Yesterday we brought home the cremains of our son, stillborn at 30 weeks. I had thought about writing about this whole experience, to somehow recognize the vividness of sense during anguish, but lost the train of thought in the mundane exquisite pain of talking to doctors, funeral directors, and well-meaning innocent bystanders.
But then my therapist brought it up, so here I am.
There's a building on a road near my house called the "Phoenix Club." I would have thought it some sort of house of ill repute, given there's no windows, but one morning I saw a heterogenous middle aged group of folks standing outside, so I was convinced it was perhaps otherwise. So what is it? What need could those people have to rise from the ashes?
And what would rise from the ashes of my son, Lincoln? So tiny his 3 pounds, 5 ounces made only a couple of tablespoons of cremains? I have heard more than once about how "something good must come of this." But that strikes me as patently ludicrous. What possible good could come of my son's tiny heart, for some unknown reason (according to the autopsy), simply stopping in utero? For what possible purpose did we have to undergo a two day hospital stay to deliver a lifeless baby, perfectly formed and beautiful, though limp and blue?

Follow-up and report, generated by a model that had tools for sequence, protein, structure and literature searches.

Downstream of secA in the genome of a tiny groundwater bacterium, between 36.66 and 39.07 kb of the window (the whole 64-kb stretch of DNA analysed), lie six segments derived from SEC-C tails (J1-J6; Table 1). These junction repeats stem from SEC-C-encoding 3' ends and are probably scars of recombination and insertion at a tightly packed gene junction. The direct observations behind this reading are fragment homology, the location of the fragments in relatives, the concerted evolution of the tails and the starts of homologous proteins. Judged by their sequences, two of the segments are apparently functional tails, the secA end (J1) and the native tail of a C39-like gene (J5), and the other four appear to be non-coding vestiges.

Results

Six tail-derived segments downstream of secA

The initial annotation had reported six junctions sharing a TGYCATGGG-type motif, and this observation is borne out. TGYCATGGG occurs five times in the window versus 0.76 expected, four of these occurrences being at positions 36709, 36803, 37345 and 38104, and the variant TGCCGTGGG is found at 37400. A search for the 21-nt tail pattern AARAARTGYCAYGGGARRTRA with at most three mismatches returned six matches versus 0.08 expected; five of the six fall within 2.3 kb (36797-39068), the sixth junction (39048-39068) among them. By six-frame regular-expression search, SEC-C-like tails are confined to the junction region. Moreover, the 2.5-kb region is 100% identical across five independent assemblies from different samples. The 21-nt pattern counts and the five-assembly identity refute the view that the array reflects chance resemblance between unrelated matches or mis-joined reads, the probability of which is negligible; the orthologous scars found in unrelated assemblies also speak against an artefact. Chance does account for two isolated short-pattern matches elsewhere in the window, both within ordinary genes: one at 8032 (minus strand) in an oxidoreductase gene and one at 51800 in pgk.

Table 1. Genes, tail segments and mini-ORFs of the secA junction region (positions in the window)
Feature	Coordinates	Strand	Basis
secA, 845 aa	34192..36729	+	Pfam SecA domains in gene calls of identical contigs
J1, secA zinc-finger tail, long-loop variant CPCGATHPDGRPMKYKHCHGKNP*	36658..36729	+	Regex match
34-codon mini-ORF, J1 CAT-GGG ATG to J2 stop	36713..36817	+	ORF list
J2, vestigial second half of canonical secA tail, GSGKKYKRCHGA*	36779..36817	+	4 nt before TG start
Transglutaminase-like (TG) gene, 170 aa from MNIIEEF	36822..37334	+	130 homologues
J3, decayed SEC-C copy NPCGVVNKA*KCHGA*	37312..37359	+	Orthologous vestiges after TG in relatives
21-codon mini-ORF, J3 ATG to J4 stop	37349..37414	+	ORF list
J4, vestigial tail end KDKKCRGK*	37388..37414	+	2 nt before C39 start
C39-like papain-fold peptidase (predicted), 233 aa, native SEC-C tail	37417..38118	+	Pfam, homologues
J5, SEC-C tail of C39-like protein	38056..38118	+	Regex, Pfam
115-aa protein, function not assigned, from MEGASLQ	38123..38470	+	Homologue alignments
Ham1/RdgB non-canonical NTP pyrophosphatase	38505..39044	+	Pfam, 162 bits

At different mileposts in my life, I have felt aware of being a statistic. When I was divorced, for example. Okay, I'm part of that 45% or 50% or whatever that has been divorced.
But now what kind of group am I part of? What is my Phoenix Club? Those who have experienced loss? That sort of gets it. But my membership is a little more exclusive. Not many people, certainly in this country, have held a dead baby in their arms, felt the cold little toes, and somehow almost without any physicality, cried and moaned from some primal brain stem kind of place. That's my Phoenix Club. And I don't know what's going to rise, but don't tell me it's something good.